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Iranian opposition grows beneath surface
ISTANBUL | Iran’s opposition movement has yet to produce a charismatic leader but has a diverse and growing group of organizers, including numerous students and veterans of an abortive 1999 uprising, Iran specialists say.
The Green Movement’s titular heads remain Mir Hossein Mousavi and Mehdi Karroubi, the two presidential candidates who refused to accept the results of June election that gave incumbent President Mahmoud Ahmadinejad a tainted “landslide” victory.
Government repression has limited their ability to move among the people. On Tuesday, Mr. Karroubi’s son said authorities were no longer providing protection for his father when he leaves home, in effect putting him under house arrest. On Sunday, a nephew of Mr. Mousavi was killed by security forces, according to opposition Web sites, to intimidate the candidate.
While the government focuses on these two men, however, a new generation of activists is working behind the scenes to sustain the movement’s momentum.
“There appear to be a core of student leaders, recent graduates and people who were students in 1999,” said Kenneth Katzman, an Iran specialist at the Congressional Research Service in Washington.
He said these leaders have “agreed on nonviolence and are trying to reach out to their parent’s generation” and to supporters outside Iran.
Mr. Katzman said the activists had organized into cells of about 10 for security reasons.
“They are very optimistic,” Mr. Katzman said. “They believe they are going to be rid of [the regime] in six months to a year. They feel that a lot of security people are starting to back off because they don’t know how this will come out and don’t want to be” on the losing side.
Amir Abbas Fakhravar, 35, a former student leader who spent several years in prison in Iran and now lives in the Washington area, said contacts are taking place on Facebook and Skype and that activists plan to create a “revolutionary council” of about 15 people inside and outside Iran to lead the “Iranian Green Revolution.” He said this leadership might emerge before Feb. 11, the 31st anniversary of the fall of Shah Mohammed Reza Pahlavi - another official holiday when masses of Iranians are likely to go into the streets to continue their protests.
Nader Uskowi, another Washington-based Iran specialist and consultant to the U.S. government, said, “We are probably a few months off from the day we see a clear leader emerging.”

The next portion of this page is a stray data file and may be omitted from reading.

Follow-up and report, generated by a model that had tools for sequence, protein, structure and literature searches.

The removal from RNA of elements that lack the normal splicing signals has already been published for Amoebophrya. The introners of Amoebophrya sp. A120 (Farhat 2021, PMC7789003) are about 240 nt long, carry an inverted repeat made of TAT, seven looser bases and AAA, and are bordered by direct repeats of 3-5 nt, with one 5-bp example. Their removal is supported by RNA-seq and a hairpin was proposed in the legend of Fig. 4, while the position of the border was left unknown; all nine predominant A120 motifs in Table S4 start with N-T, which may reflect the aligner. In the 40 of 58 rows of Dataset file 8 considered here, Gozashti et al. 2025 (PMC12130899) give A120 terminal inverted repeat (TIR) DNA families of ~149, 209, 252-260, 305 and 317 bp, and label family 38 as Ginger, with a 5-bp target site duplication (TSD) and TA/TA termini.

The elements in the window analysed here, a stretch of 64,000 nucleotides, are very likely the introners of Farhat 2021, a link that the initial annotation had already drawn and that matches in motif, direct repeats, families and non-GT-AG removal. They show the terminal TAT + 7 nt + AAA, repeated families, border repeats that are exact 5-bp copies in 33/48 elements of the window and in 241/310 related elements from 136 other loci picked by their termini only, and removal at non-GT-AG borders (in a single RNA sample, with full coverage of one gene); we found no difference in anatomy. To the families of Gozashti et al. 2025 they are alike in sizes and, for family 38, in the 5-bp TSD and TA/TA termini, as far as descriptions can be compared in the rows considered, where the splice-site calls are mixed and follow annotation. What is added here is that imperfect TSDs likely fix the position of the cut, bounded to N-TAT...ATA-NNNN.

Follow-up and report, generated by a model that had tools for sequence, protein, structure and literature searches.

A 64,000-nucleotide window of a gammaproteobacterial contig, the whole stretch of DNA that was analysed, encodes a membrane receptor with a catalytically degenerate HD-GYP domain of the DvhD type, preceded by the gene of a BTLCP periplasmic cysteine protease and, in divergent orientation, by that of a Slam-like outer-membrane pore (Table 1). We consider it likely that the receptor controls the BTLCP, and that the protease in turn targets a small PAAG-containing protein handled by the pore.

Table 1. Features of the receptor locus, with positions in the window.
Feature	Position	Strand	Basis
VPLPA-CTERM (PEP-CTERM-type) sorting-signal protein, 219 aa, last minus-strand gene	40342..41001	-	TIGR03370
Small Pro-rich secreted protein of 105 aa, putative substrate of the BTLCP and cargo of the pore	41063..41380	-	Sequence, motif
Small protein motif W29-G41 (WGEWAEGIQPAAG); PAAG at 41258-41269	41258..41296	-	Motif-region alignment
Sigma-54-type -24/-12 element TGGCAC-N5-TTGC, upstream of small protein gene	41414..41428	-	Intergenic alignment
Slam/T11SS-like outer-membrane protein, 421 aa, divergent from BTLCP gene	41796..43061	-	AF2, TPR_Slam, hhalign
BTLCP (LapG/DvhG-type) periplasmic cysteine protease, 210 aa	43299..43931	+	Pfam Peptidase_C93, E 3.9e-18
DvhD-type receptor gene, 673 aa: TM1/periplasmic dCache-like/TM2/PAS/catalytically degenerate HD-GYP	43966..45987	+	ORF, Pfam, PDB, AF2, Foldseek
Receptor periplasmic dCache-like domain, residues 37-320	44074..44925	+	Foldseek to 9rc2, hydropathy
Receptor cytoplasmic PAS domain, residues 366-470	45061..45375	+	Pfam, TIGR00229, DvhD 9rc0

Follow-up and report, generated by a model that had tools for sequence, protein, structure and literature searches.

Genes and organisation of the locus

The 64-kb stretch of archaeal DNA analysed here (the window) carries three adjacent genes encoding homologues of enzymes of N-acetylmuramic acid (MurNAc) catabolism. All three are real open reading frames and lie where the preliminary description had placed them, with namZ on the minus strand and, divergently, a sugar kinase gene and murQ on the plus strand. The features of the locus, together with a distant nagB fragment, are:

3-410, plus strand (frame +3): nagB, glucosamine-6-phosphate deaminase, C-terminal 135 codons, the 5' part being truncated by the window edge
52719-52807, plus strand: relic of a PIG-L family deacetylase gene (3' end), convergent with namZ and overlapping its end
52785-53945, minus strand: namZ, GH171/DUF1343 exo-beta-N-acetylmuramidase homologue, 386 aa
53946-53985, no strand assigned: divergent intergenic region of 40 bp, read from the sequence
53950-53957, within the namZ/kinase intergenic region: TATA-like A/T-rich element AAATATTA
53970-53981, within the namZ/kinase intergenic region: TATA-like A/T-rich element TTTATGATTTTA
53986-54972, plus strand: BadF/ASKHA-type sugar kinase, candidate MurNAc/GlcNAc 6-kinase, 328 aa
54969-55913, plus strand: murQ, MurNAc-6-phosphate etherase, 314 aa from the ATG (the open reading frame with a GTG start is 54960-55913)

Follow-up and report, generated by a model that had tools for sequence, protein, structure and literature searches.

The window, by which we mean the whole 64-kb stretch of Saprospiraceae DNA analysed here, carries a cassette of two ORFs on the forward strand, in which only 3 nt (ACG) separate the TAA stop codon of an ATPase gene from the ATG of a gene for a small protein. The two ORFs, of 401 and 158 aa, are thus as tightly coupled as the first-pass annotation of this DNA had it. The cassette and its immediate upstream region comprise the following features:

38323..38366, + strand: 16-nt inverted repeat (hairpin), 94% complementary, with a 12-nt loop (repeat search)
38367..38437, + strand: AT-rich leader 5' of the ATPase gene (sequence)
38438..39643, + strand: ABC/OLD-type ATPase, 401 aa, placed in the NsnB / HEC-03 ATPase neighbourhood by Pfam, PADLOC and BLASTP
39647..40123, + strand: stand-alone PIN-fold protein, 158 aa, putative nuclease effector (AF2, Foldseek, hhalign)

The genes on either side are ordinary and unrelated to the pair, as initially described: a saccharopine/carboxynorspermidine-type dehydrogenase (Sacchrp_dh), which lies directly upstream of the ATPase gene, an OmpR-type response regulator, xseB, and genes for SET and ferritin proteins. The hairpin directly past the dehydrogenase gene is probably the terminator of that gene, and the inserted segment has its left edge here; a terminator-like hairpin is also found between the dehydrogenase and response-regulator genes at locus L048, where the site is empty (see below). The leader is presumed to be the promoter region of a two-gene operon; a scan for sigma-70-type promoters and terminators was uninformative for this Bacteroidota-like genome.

“The student organizations at major universities are still the most organized ones, but there are also other ‘natural’ organizations that appear nonpolitical but in fact are gathering places in which the news of planned actions and slogans are passed along, like associations of painters, calligraphers, etc.,” he said.
“Students and youths are still the engine of the movement, but it is rapidly spreading to parents actively supporting their children.”
Mr. Uskowi said the issue of leadership seems less urgent than the harder task of organizing a large organic movement. He said another strong incentive for leading personalities to keep a low profile is the regime’s readiness to arrest anyone identified as an organizer.
The Ministry of Intelligence has infiltrated agents into the Office to Consolidate Unity, a student body that led the last widespread student protests in 1999.
In July of that year, students at Tehran University gathered to protest the closure of a reform newspaper and were set upon by government-backed vigilantes known as Ansar e-Hezbollahi. They threw students from dormitory balconies, killing at least one and injuring and arresting scores. Outraged, young people took to the streets of Tehran for a week, smashed store windows, threw stones at police and burned pictures of Ayatollah Ali Khamenei, Iran’s supreme leader. Then President Mohammad Khatami, who initially supported the students, backed down under pressure from Ayatollah Khamenei and the Revolutionary Guards, and the movement fizzled.
About the Author
Barbara Slavin is assistant managing editor for World and National Security at The Washington Times and the author of a 2007 book on Iran, titled “Bitter Friends, Bosom Enemies: Iran, the U.S. and the Twisted Path to Confrontation.” Before joining The Times in July 2008, she was senior diplomatic reporter for USA Today. She has accompanied three secretaries of state ...
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